In the manual therapy technique video below, NAIOMT co-founder, mentor and master clinician Erl Pettman demonstrates a supine thoracic manipulation. This technique is taught in NAIOMT's Thoracic Spine course, which Erl will be teaching in Berrien Springs in October 2020. Reserve your spot now!
Topics: Lumbar instability, lumbar scan, lumbopelvic spine courses, manual therapy videos, Manual Therapy Videos, thoracic spine, thoracic spine manipulation, lumbar disc, upper quadrant manual therapy, thoracic spine techniques
Do you often see patients with low back pain? In the manual therapy video below, watch NAIOMT's Laura von Wullerstorff demonstrate one way to treat and clear a patient’s low back pain due to a painful segmental hypo mobility secondary to loss of neuromuscular control. This technique is taught in the C-611 Lumbopelvic Spine II course.
Do you have patients with a Forward Head Posture? In the manual therapy video below, watch NAIOMT's Valerie Coolman demonstrate a technique to regain CT junction extension while protecting the surrounding areas. This technique is taught in NAIOMT's Cervical Spine I, Cervical Spine II and Thoracic Spine courses. For more valuable insights from Valerie in person, find her teaching at our new Chicago course site.
Topics: Cervical Spine, cervical spine course, cervical spine manual therapy, cervical spine techniques, lumbar spine, manual therapy videos, Manual Therapy Videos, thoracic spine, upper quadrant manual therapy, cervical spine evaulation
Are you seeing patients with thoracic spine restrictions? Watch teaching faculty Terry Pratt demonstrate a quick screen to locate the restriction. This screen is taught in NAIOMT's C-613 Thoracic Spine course.
In the manual therapy video below, NAIOMT faculty instructor Bill Temes, PT, MS, OCS, COMT, FAAOMPT works with the shoulder to restore range of motion.
In the manual therapy video below, NAIOMT distinguished faculty instructor Ann Porter Hoke, PT, DPT, OCS, FCAMPT, FAAOMPT demonstrates an alternative thoracic gapping technique for physical therapists that are small in stature.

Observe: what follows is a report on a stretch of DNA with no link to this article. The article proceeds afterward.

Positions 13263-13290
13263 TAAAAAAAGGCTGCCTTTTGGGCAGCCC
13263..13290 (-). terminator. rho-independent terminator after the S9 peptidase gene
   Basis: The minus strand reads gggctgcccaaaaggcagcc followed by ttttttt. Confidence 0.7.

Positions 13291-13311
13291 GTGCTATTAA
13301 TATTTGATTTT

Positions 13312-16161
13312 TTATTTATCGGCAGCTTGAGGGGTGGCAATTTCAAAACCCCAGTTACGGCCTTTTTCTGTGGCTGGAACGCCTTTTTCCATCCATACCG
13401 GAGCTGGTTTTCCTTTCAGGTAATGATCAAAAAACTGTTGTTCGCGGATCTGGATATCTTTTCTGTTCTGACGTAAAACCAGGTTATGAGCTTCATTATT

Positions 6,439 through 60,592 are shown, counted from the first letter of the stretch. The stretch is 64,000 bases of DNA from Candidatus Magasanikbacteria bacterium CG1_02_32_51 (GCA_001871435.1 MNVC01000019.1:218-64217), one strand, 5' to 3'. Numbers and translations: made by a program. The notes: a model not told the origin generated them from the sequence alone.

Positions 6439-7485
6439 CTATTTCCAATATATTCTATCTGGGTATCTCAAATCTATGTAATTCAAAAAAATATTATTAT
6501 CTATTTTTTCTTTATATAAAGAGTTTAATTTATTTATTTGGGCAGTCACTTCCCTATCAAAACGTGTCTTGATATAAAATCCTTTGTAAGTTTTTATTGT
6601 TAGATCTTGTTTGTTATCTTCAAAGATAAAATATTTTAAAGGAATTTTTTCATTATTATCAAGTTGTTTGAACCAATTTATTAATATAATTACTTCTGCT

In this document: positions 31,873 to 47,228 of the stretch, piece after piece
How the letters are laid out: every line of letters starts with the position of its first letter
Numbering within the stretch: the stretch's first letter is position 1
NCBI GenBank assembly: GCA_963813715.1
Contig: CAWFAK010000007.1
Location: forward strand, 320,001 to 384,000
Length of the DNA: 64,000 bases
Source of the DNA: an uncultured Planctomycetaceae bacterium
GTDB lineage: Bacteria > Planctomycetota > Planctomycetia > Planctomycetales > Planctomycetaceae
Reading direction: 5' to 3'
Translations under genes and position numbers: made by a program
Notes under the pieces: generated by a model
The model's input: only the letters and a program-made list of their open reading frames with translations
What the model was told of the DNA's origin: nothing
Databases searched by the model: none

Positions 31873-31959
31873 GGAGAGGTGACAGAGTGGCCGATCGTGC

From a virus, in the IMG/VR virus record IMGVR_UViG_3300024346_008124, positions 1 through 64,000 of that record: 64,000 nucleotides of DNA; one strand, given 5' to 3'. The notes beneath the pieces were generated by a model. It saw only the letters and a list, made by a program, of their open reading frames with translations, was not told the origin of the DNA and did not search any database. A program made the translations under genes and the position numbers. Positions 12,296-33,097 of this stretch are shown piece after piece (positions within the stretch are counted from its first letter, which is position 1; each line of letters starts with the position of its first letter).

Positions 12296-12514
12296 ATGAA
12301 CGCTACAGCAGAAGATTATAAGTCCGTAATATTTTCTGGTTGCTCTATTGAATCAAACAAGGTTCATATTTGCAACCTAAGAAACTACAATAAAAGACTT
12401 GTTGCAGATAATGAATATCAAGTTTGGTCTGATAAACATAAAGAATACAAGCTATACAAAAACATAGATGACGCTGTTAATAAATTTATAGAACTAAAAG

Each week, as we lead manual therapy courses across the United States, the passion for PT is palpable. And with all that passion comes important debate. Sometimes we even see heated discussions being hashed out online between people across the globe, of all experience-levels and abilities. (Been on Twitter, lately?!) But whether you're a physical therapist here in the United States or a physio abroad, we actually all have a great deal in common. Sure, we may have different approaches to care, and depending on where you practice, you may or may not be limited in what you can do to help your patients. But at the end of the day, we're on the same side. We're experts in movement. We are dedicated to helping those around us live pain free, high functioning lives.
In the manual therapy video below, NAIOMT Faculty Member Michael Lucido reviews thoracic spine anatomy and palpation, a topic that'll be addressed in more detail at thoracic spine courses coming up in Seattle, Gaithersburg, Phoenix, Dallas and Denver over the next few months.
How many of you start your shoulder examination with a look at the cervical and thoracic spine? In the absence of trauma it makes the most sense to do a cervical and thoracic scan during the initial evaluation. The scapula is part of the shoulder girdle. A lot of the muscles that attach to the scapula are innervated by the cervical spine. If the patient presents with a cervical dysfunction they can wind up with altered muscle length of muscles that attach to the scapula. This can lead to altered scapula positioning at rest and with motion. If the patient has altered scapula movement it can lead to shoulder impingement during shoulder girdle movements.
The article below demonstrates that patients presenting with shoulder pain who received a thoracic manipulation experienced significant reduction in their shoulder pain and improved function. So don't forget to widen your focus and include the thoracic spine!
Non-specific shoulder pain (NSSP) is often persistent and disabling leading to high socioeconomic costs. Cervical manipulation has demonstrated improvements in patients with NSSP, although risks associated with thrust techniques are documented. Thoracic manual therapy (TMT) may utilise similar neurophysiological effects with less risk. The current evidence for TMT in treating NSSP is limited to systematic reviews of manual therapy (MT) applied to the upper quadrant. These reviews included trials that used shoulder girdle manual therapy (SG-MT) in the TMT group. This limits the scope of their conclusions with regard to the exclusive effectiveness of TMT for NSSP. Read Methods and Results here.
For a deeper look into effectively treating a host of conditions, browse these upcoming manual therapy courses offered across the country.
**Abstract of the week shared by NAIOMT Instructor Stacy Soappman, PT, DSc, COMT, FAAOMPT.
We invite you to join NAIOMT faculty member Terry Pratt tomorrow, Wednesday February 24, as he addresses the Thoracic Spine Influence on the Shoulder at the Shoulder SIG and Southern Metro Business Meeting from 6:30 pm - 8:30 pm at Northeastern University, 30 Leon St. Behrakis Health Sciences Center, Boston, MA 02115 (Driving Directions.)